SP-PCR analysis10 was performed using serial dilutions of human genomic DNA (6–600pg). PCR products were detected by Southern blotting. The number of individual molecules per reaction was determined by Poisson analysis. Multiple reactions were performed using “small pools” of 10 to 25 individual molecules per reaction to detect mutations. Mutation load was calculated as the proportion of amplified FXN molecules that differed by more than 5% in length from the constitutional (most common) allele, as determined by conventional PCR. Mutant alleles that were ≥20% and ≤50% of the constitutional allele size were classified as “large” expansions and contractions, respectively. In patients who were homozygous for E alleles of different size (range of interallelic size difference in our cohort: 20–44%), large expansions were conservatively estimated as those that were ≥20% of the larger of two constitutional alleles. Some degree of intertissue variability was noted in the size of the constitutional alleles within the same individual; however, there was no consistent tissue-specific pattern. All calculations of mutation load and measurement of altered allele sizes were performed after sizing of the constitutional allele in each tissue.

Results

  1. Top of page
  2. Abstract
  3. Materials and Methods
  4. Results
  5. Discussion
  6. Acknowledgements
  7. References

To detect tissue-specific patterns of somatic instability, we performed SP-PCR analysis10, 11 of multiple tissues derived from autopsies of six FRDA patients. Onset of disease occurred between 5 and 11 years of age (8 ± 2.2), and disease duration ranged from 12 to 38 years (26 ± 11.5). All patients died of sequelae of cardiomyopathy at 17 to 47 years of age (34 ± 13.3), and the median postmortem time was 10 hours. Initial analysis using conventional PCR demonstrated that one of the six patients (Patient A-1) was homozygous for E alleles of the same size (950/950 triplets in blood). Because this would allow accurate determination of the magnitude of allelic size variation, we performed a comprehensive study of all available tissues from Patient A-1 (Fig 1; Table), and subsequently performed analysis of select tissues from the other five autopsies.

thumbnail image

Figure 1. Small-pool polymerase chain reaction (SP-PCR) showing greater prevalence of large expansions in dorsal root ganglia (DRGs). (A) Representative Southern blots showing distribution of somatic variability in multiple tissues of Patient A-1 (each lane contains “small pools” of 12––20 individual FXN molecules derived from the indicated somatic tissue). Arrowheads indicate the position of the constitutional allele determined by conventional PCR. Braces to the left of the gels indicate large expansions in DRG and cerebellum, and the bracket to the left of the gel indicates the location of large contractions in blood. DNA size markers are shown as dashes along the right margin, which indicate the relative positions of 1, 2, 3, and 4kb from the bottom of the gel. The lanes marked B indicate “blank reactions” performed with no added DNA template. (B) Frequency distribution (plotted on the y-axis) of expansions (magnitude plotted on the x-axis as increase in size [%] over the constitutional allele) seen in various tissues derived from Patient A-1. This graph represents the cumulative analysis from multiple gels as depicted in (A) containing reactions with 11 to 24 individual molecules per lane. All data points to the right of the bold line, plotted at 20%, represent large expansions (>20% of the constitutional allele size).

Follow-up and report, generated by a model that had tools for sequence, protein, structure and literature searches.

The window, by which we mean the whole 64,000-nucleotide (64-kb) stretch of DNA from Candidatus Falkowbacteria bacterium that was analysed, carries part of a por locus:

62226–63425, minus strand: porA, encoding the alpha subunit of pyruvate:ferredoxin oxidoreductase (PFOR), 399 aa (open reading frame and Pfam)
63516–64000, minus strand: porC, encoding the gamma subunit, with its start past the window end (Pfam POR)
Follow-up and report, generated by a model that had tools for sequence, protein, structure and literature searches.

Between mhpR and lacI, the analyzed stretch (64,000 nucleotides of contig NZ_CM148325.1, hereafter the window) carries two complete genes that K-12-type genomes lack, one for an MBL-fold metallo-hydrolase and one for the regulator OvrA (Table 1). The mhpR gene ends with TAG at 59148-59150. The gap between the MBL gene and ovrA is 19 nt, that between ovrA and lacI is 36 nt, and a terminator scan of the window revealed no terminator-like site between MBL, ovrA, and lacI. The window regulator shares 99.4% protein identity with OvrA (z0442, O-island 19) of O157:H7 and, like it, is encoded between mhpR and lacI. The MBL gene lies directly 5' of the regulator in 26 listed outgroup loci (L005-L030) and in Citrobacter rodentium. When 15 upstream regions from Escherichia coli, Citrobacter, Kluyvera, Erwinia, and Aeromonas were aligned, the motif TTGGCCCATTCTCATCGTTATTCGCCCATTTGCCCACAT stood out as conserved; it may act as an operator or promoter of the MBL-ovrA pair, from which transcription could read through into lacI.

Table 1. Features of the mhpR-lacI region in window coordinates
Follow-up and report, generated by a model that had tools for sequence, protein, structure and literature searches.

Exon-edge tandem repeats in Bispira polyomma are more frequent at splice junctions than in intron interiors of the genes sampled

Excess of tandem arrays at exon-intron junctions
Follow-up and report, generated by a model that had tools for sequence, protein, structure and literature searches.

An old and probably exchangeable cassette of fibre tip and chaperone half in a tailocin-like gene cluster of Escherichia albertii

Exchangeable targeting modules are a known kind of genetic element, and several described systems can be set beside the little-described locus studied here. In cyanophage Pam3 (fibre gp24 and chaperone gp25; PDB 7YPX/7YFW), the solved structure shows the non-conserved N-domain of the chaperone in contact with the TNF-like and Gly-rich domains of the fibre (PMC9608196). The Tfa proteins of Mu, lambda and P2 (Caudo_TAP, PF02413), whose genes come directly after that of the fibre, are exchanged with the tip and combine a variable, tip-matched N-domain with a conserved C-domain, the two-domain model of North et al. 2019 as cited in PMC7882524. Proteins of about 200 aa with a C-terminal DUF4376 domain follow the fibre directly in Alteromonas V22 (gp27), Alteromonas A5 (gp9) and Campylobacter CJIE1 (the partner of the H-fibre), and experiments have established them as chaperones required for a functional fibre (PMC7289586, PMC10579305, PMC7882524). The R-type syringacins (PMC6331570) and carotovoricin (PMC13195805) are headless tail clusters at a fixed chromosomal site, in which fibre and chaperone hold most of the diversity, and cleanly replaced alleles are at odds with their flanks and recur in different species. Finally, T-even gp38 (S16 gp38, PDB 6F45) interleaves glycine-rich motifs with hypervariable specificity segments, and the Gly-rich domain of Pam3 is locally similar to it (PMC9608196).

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Table  . Somatic Instability of the Expanded GAA Triplet Repeat in Multiple Tissues
TissuesMolecules AnalyzedaMLLarge ContractionbLarge Expansionb
  • a

    Number of molecules analyzed was determined by Poisson analysis, as described previously.10

  • b

    Large contractions and large expansions refer to mutant alleles that are ≤50% or ≥20% of the constitutional E allele length, respectively.

  • ML = mutation load; DRG = dorsal root ganglion.

Blood1347567 (42.1%)206 (15.3%)3 (0.2%)
Cerebrum1249274 (21.9%)17 (1.4%)19 (1.5%)
Cerebellum1008273 (27.1%)25 (2.5%)12 (1.2%)
DRG1014362 (35.7%)31 (3.1%)65 (6.4%)
Spinal cord26999 (36.8%)22 (8.2%)1 (0.4%)
Brainstem853290 (34%)45 (5.3%)2 (0.2%)
Heart711193 (27.1%)31 (4.4%)11 (1.5%)
Total64512058 (31.9%)377 (5.8%)113 (1.8%)

SP-PCR analysis of 6,451 individual FXN molecules derived from 7 tissues of Patient A-1 showed 2,058 molecules (31.9%) that differed significantly in length (>5%) from the constitutional E allele (see the Table). Of these, 377 (5.8%) represented large contractions (≤50% of the constitutional allele length), and 113 (1.8%) were large expansions (≥20% of the constitutional allele length). There was a greater frequency of large expansions in DRGs (p < 0.001; see the Table). More than half (57%) of all 113 instances of large expansions occurred in DRGs, and DRGs were the only tissues with more large expansions (6.5%) than large contractions (3.1%). Most large expansions represented gains of 20 to 40%, although occasional increases above 70% were also seen (see Fig 1). In contrast, all other tissues showed a much lower frequency (≤1.5%) of large expansions. The frequency of large contractions was also not uniform across tissues; it was low in DRGs, cerebellum, cerebrum, and heart; intermediate in brainstem and spinal cord; and greatest in blood (see the Table).